Elaine's face was flushed as she undid Ian's belt buckle and lowered his jeans. She stared at what sprang out of Ian's pants.   How unlike the school diagrams and plastic models they'd been shown.   How vibrant and real, right here with her.   She bent down to inspect it more closely.

A grunt escaped Ian's mouth as Elaine explored him.   Then she stopped and kicked her way out of her jeans.   Ian helped her, yanking her underwear down to her ankles.  

Her dark red hair flowed across her shoulders, and Ian's face, as she straddled his hips.    She pushed herself downward and Ian's mind, already broken open, melted.   Her beauty was everywhere, the peasant top hanging open over one moonlit shoulder, her soft eyes focused in concentration.

Ian's eyes went glassy and, for a moment, he thought he would cry again.   But as Elaine moved with greater intensity, he moved with her, until they were nowhere and everywhere all at once.

He forgot that half a million kids were dancing and making love outside.   All he knew is that there would be a release, and that he would be there fast enough.  

Elaine's head went back as they rode together, and then she sucked her breath in violently, until he thought she might faint.   But then it took him, and the moans escaping them brought applause, hooting and "right ons" from the surrounding encampment.  

Buck sat on top of the truck with a stoned-out, shit-eating grin.

Ian and Elaine were soaked with their own perspiration as they held each other tight, listening to their heartbeats and the sounds of the Woodstock night.

The candle flickered out as they toweled each other off with some water from their canteens and a drop of castille soap, courtesy of Dr. Bronner.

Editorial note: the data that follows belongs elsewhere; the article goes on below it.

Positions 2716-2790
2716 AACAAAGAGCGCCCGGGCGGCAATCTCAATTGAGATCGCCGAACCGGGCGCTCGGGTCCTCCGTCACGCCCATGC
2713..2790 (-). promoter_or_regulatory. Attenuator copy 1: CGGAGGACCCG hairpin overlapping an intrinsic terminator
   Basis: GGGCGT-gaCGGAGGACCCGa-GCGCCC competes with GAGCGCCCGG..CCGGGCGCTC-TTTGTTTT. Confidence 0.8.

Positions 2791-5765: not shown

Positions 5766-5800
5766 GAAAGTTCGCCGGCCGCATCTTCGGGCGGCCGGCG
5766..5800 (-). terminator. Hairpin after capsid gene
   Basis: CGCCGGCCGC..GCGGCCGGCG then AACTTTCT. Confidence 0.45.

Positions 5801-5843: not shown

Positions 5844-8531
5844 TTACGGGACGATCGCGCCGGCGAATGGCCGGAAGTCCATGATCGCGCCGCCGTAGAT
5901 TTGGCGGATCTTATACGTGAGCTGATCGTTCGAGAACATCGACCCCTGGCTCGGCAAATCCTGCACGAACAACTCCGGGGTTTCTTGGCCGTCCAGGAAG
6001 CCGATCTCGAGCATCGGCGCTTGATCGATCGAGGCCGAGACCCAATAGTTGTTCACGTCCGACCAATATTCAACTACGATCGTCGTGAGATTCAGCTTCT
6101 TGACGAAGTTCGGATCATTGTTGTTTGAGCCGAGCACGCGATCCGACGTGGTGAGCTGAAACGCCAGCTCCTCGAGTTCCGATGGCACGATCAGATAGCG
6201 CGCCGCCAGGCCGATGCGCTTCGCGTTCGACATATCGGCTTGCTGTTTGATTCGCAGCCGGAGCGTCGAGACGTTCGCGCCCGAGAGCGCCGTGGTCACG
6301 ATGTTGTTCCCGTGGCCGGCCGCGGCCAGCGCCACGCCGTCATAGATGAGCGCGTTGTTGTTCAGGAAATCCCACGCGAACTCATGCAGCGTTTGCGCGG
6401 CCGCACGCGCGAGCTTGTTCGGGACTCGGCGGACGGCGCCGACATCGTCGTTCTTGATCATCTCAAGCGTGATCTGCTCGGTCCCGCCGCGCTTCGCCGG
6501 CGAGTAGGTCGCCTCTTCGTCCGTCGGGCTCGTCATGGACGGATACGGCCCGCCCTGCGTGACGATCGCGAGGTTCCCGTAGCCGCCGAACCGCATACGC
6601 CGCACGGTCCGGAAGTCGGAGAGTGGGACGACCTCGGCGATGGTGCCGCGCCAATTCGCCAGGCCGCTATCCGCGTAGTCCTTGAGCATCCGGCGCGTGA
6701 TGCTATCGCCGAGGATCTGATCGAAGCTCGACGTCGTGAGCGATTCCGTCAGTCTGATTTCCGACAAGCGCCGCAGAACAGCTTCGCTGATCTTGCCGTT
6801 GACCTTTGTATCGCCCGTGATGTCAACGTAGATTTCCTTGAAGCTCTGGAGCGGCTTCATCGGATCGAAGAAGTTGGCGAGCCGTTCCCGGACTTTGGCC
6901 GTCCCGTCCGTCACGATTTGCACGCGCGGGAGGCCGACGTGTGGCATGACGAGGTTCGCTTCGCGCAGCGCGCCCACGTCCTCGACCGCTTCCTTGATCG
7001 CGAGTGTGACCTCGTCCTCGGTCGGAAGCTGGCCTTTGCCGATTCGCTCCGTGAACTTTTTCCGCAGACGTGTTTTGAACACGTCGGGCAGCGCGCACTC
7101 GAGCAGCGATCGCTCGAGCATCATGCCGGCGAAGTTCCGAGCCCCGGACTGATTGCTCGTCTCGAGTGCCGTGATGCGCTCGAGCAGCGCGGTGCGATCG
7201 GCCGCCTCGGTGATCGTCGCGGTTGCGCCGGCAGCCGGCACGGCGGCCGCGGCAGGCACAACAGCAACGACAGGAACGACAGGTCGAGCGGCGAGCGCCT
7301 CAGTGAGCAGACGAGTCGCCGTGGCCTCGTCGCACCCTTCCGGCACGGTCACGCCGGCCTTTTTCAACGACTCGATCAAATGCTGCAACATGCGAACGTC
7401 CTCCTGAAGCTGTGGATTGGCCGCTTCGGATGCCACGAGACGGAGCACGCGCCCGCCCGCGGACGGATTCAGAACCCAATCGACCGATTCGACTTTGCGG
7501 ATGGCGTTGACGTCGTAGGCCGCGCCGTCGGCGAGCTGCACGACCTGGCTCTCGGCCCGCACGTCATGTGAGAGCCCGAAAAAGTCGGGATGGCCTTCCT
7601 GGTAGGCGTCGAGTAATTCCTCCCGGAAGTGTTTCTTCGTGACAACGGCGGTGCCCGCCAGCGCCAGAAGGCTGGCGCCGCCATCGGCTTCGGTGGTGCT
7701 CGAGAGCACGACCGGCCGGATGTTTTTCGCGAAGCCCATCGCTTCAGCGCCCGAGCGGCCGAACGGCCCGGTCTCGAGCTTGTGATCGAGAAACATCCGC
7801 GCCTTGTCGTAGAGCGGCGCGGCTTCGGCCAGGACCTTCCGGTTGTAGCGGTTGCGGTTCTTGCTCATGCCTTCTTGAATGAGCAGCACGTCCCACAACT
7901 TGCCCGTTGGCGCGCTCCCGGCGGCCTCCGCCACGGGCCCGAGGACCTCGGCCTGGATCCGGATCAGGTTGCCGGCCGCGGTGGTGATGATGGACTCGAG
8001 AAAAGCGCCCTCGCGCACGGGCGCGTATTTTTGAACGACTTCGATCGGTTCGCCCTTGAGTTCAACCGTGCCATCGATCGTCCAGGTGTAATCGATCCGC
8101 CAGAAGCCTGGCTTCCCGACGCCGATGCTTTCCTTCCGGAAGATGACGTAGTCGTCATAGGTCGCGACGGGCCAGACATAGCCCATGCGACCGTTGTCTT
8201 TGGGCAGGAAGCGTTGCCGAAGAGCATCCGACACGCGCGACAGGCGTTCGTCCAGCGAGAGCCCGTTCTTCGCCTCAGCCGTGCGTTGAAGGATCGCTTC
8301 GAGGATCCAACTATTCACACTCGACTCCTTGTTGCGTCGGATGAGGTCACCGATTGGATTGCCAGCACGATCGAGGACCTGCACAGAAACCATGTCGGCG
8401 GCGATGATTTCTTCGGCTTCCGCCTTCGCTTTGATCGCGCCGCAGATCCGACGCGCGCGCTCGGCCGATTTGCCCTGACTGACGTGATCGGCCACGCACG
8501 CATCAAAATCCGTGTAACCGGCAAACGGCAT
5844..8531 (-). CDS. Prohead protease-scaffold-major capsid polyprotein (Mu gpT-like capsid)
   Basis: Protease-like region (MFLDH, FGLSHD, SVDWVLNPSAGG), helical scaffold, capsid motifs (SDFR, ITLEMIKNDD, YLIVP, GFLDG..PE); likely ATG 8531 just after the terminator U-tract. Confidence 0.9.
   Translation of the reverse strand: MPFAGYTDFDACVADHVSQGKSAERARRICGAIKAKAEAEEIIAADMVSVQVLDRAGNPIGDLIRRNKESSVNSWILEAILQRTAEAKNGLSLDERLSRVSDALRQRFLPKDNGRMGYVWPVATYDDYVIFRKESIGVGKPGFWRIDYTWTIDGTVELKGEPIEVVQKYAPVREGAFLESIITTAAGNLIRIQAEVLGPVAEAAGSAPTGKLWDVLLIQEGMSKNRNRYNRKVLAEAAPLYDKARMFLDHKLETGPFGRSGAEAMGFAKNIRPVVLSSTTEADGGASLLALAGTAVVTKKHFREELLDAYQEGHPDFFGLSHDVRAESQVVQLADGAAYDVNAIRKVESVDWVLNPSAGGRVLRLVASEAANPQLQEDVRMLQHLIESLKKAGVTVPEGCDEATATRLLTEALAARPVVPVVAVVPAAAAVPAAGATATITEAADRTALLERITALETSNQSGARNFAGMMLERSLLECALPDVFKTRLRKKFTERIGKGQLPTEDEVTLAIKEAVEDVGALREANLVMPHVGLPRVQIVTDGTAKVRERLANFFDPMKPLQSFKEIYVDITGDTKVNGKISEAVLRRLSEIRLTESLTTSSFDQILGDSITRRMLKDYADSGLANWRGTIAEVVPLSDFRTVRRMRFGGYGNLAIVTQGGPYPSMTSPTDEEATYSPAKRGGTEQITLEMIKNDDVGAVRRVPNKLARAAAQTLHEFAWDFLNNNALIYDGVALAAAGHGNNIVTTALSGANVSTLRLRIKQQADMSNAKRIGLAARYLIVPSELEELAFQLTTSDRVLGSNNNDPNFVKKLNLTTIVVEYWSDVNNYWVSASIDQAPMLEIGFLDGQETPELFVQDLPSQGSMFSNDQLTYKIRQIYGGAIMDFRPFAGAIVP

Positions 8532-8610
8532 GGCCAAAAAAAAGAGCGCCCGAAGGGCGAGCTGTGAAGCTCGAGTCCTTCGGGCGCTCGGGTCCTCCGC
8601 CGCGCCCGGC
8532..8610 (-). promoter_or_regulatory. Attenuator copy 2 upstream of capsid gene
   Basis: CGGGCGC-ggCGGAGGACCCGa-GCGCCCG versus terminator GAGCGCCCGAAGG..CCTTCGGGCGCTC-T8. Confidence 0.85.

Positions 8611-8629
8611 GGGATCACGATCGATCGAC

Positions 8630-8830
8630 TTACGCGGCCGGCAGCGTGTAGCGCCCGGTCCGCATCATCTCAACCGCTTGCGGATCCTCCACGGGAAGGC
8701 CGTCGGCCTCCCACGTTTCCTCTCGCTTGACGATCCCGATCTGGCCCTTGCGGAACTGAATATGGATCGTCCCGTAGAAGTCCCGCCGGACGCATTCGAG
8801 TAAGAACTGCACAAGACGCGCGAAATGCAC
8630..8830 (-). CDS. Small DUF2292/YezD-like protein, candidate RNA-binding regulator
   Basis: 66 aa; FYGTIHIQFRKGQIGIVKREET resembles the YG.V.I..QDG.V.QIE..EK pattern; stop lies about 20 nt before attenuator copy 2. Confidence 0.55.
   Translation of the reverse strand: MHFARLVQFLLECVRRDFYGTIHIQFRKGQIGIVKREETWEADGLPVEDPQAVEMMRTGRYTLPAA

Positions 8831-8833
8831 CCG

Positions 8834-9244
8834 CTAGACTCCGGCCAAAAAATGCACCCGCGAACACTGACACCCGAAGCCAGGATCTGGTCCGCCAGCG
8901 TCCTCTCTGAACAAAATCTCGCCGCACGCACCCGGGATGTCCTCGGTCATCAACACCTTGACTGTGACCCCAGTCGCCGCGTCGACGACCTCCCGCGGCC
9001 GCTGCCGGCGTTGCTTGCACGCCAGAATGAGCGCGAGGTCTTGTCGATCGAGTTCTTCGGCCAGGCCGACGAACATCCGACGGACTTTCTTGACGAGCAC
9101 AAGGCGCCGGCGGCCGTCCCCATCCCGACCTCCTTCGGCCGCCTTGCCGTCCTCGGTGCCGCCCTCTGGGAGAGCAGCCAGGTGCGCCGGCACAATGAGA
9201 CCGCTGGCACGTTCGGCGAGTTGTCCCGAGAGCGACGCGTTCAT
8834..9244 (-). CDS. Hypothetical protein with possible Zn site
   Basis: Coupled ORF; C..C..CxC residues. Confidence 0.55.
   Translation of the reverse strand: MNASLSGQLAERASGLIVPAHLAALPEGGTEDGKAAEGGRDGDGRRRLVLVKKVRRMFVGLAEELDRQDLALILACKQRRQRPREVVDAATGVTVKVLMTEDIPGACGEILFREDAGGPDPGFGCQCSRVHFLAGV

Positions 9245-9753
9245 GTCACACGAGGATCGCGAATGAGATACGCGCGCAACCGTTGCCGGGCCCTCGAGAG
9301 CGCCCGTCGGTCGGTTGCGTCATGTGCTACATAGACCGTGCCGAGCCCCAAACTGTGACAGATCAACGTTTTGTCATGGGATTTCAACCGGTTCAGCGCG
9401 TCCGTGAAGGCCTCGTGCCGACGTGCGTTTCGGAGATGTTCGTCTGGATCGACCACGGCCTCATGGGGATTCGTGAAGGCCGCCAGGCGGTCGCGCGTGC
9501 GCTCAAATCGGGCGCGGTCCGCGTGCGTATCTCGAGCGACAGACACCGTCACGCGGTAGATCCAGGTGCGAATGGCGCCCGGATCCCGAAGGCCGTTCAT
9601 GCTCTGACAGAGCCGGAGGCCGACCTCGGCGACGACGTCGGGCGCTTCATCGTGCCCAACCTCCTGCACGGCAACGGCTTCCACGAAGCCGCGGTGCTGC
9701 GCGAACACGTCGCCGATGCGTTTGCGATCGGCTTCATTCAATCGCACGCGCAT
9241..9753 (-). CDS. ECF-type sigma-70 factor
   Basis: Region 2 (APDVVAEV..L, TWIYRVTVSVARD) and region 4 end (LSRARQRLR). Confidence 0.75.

Ian took a clean sweatshirt from his pack and dried Elaine and then himself.

They both got into one sleeping bag and stared up at the heavens

After the sun rose over the grassy hills of Yasgur's Farm, all the morning maniac music came to an end.  

The Bronx trio was an antsy bunch and chose to head over to New Paltz to hook up with hoodsies that worked at P&G's Bar.   There would be post-Woodstock parties there that lasted until the end of August.   Summer was almost over and they wanted as much of it as they could get.

Ian and Elaine felt a little funny after their romp in the cab of the Coke truck.   They were all still wasted as they trudged the road back to Bethel.

They found Gracie with two freaks snoring away inside the front and back seats.   After Buck escorted them Bronx-style out of Grace's interior, he lifted the rear hood and peered at the engine long and hard, with an almost Zen-like concentration.

Buck tinkered here and there, then zoned in around a loose valve.   He looked up at Elaine and quietly uttered, "Hit it."

Elaine turned the key, pumped her foot, and Gracie's innards hummed with new life.   Ian slapped five with Buck.   They quickly got in.   Gracie puttered her way out of Bethel.

As they approached the entrance to the old 87 Thruway, heading towards the Shawangunk Mountains, Ian wondered if Elaine was now officially his girlfriend.